Have you ever seen an eagle hunt? Floating in slow, lazy, overlapping circles that gradually and consistently shift over, so that it is systematically scanning a huge area from ‘way up. Coasting, round and round, seemingly without effort, appearing as if it isn’t even moving, or even doing anything to stay up there, let alone move in such a controlled pattern.
The other day I watched an eagle that was already hundreds of feet up do this, but at one point, instead of continuing to move sideways over the ground, it began rising higher and higher, in the same circling motion. At first, I could see it clearly: its white head, and the kind of elongated “M” form of its wings. But as it rose higher and higher it was less and less defined, until it was so high, all I could see was a speck, a little black bar, say the size of an ant.
I was blown away. The eagle had risen to these dizzying heights without seeming to make any effort, without seeming to do anything, and without fear. At that point there didn’t seem to be any hunting going on any more. Just a slow, circular rising, hundreds, even thousands, of feet up into the sky. What its purpose? What was its experience?
Watching him, I had this strong feeling of wishing I could experience that freedom, that total trust in myself, that incredible attunement with my environment and my own self, my own body, that would allow me to – well, to soar so fearlessly and gracefully to whatever heights I am truly capable of. I could almost feel what that freedom would feel like. The freedom to simply and fully be, and to simply and fully do what is already inscribed in my being to be and do – just as soaring is inscribed in the being of the eagle.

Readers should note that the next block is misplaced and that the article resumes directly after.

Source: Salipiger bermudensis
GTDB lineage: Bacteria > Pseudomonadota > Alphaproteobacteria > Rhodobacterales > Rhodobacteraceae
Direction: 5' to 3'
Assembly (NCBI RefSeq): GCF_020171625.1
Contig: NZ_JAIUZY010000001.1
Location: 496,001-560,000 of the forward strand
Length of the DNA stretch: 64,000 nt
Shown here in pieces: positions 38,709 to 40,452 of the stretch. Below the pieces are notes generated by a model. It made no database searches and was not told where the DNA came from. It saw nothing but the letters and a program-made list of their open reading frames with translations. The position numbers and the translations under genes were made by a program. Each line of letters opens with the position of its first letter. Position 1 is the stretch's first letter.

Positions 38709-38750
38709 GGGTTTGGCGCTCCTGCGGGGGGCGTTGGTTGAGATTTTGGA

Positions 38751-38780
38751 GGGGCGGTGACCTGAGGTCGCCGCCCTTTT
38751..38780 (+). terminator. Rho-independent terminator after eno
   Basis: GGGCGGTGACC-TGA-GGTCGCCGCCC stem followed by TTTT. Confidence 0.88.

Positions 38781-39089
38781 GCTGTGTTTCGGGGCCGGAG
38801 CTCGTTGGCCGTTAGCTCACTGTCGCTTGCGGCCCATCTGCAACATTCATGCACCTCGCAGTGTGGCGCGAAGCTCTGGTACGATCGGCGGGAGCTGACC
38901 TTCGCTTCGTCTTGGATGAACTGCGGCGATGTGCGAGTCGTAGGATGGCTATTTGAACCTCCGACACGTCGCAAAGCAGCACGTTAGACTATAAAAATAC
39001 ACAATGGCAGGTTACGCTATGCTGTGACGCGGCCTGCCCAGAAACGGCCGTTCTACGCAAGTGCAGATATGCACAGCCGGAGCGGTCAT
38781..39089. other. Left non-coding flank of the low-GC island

The eagle brings many messages. Writer Richard Wagamese (an absolutely amazing writer – check him out!!) refers to one of the teachings of the eagle in a couple of his books. He talks about how to soar like this, the eagle goes through a lot of learning, a lot of training. It has to be able to feel, to sense, air flow patterns, cloud movements, temperature shifts, as well as the geography beneath it; it needs to have such an intimate experience of these and how they all relate to each other that it can make the slightest little shifts in its wing and tail feathers to adjust to these conditions and move exactly in the way that it wants. It needs to have developed such a level of mastery over itself, over even these slight movements and shifts to adjust and adapt to what it sees, feels and senses. This is done through practice, repetition, trial and error; learning both from its parents (teachers) initially, and from its own ongoing experience.